7 Lucius Street
Friday 02 February 2018 – Sunday 23 December 2018
February 23 - March 1
Southampton City Art Gallery
until 18 April
This exhibition brings together a group of works that reveal how the artist, working in a variety of materials and scales, explores the mystery and beauty of human emotions.
'Louise Bourgeois was the French American artist who lifted the glass ceiling on women’s art and died, just short of her 100th birthday, in 2010. This is the first showing in the South of England for this relatively new addition to the Artist Room Collection. The more long standing collections have now been seen fairly widely throughout the UK and it can only be a matter of time before the contents of the collection (an enormous collection based on the generous gift from Anthony D’Offay) are used as a curatorial collection from which choices are made, and then Artists Rooms may become a misnomer.
'But already, most of the artists in the series have a significant number of works and so they can be ‘curated’ into very different displays around a particular theme or approach. This one tells through a chronological presentation of drawings, sculpture and objects her principal themes of the personal, confessional, intuitive; issues of womanhood and exploring our subconscious fears and sensibilities.'
until 29 March 2015
Spike Island and the South London Gallery join forces for a two-part solo exhibition by the French artist Isabelle Cornaro, the winner of the prestigious Prix Ricard in 2010.
'Isabelle Cornaro is a much lauded contemporary French artist who works in a number of different media, (specifically, painting, sculpture, film and installation). This exhibition is divided into two parts, one at Spike Island and the other at the South London Gallery. The latter exhibits part of an ongoing installation project from 2008 entitled Paysage avec poussin et témoins oculaires. The Spike Island Show is made up of new commissions. The Gallery is known for commissioning new work by interesting artists either emerging in the UK or by significant figures beginning to command attention in this country.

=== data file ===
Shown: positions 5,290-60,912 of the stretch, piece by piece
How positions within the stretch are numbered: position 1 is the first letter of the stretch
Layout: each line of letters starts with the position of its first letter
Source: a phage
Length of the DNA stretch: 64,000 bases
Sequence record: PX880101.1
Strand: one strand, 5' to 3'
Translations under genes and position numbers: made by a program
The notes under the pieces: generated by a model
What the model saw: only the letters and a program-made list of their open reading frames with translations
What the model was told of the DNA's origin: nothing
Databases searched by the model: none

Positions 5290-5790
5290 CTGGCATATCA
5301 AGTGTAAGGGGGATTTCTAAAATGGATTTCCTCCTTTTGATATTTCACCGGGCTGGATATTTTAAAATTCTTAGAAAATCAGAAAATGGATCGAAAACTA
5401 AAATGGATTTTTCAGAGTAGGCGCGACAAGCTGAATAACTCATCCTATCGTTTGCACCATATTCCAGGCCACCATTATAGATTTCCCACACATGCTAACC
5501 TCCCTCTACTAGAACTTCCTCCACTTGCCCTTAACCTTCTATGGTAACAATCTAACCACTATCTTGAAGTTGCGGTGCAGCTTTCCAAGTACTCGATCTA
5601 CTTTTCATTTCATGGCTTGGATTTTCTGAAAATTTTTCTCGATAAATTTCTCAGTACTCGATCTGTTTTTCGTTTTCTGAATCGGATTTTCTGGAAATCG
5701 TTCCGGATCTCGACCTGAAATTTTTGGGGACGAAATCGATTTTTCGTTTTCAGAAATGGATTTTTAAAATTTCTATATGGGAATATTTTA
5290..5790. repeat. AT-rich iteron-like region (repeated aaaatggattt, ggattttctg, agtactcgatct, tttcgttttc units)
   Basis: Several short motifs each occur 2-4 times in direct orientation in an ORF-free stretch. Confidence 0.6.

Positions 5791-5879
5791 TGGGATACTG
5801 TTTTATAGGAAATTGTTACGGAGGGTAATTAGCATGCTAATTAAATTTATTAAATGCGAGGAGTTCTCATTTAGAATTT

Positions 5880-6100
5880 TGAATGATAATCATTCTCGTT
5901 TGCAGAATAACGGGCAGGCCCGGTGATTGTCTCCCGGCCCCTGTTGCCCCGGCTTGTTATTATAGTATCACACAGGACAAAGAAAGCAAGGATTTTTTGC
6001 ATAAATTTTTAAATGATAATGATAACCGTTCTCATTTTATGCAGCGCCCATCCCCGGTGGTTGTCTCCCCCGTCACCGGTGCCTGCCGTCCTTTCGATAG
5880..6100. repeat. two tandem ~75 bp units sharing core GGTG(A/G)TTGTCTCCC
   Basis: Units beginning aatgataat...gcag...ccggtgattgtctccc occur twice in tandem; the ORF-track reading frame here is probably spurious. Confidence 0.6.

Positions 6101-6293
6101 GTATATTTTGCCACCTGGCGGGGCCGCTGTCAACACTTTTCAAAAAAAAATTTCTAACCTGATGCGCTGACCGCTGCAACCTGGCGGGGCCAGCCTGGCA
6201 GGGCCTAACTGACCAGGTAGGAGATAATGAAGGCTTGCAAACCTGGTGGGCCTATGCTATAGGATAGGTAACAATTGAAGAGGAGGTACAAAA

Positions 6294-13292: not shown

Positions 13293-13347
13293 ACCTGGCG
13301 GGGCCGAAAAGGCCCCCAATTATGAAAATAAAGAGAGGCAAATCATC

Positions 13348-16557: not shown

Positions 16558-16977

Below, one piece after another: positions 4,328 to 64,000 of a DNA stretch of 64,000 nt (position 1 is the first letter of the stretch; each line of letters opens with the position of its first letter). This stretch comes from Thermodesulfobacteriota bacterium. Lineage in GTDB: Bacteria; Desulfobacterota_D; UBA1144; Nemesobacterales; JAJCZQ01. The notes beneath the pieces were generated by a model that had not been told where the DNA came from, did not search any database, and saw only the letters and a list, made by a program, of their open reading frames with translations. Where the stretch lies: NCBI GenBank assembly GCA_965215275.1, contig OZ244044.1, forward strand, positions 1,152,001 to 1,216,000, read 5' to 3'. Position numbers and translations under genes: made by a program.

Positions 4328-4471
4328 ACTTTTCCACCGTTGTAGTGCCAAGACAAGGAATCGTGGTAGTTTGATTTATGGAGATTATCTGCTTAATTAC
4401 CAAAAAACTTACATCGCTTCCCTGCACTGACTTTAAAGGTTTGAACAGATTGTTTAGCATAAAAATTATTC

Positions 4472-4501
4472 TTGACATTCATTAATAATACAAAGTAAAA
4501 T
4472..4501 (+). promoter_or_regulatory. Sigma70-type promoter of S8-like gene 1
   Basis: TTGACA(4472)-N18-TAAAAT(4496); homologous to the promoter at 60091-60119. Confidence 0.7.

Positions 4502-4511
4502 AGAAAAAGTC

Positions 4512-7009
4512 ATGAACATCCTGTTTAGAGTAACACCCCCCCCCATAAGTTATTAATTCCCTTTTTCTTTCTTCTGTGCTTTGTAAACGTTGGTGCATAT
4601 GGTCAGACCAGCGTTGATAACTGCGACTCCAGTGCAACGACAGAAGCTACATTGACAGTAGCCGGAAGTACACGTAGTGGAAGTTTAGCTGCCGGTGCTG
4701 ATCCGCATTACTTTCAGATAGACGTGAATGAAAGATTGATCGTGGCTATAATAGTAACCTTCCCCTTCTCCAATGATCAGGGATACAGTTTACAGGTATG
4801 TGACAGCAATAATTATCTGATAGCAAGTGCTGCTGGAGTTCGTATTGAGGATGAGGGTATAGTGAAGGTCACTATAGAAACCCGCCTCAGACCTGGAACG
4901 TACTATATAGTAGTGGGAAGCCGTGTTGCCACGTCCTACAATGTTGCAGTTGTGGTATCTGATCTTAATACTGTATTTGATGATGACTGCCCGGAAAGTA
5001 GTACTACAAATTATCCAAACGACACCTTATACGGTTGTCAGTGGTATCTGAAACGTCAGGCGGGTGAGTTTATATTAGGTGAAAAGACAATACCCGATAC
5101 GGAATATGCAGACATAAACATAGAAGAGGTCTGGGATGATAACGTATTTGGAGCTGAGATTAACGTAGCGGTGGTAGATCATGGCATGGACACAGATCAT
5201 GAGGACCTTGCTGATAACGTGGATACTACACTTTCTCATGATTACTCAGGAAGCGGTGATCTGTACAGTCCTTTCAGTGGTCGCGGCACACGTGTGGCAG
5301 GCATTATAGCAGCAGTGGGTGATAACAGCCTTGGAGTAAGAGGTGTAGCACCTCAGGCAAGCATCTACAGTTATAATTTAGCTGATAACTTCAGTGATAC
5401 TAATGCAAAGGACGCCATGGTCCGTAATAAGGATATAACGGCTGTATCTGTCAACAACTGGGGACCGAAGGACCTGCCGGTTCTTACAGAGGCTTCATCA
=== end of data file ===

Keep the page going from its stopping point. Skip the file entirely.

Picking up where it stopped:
'At Spike Island the artist creates a new series of tableau using issues of physical representations of the act of watching. It utilises specific viewpoints of the act of cinematic and editing techniques. Very French in its stylistic conventions, this is the one of my four choices that I have not seen so far, and I am very much looking forward to seeing it in the coming weeks.'
Until Sunday 5 April
An exploration of the influence on artists and surgeons of the facial injuries suffered during the First World War. This exhibition brings together collections of objects and artworks from the last hundred years
'There have been exhibitions about the effect of surgical innovation and on art during the First World War before and the current WW1 centenary commemorations may have created an overkill (and we’re only a quarter of the way through!) but this is an extraordinary and well researched exhibition led by a team of academics from a number of disciplines at the University of Exeter. It differs from many of the previous exhibitions because it sets a unique context relating to the relationship between art and surgery of the time. The exhibition itself features historical artefacts, archives as well as works of art from all periods between 1914 and the present. The relationship between art and surgery begins with the fact that artists were used as model makers, as well as documenters of some of the extraordinary innovations.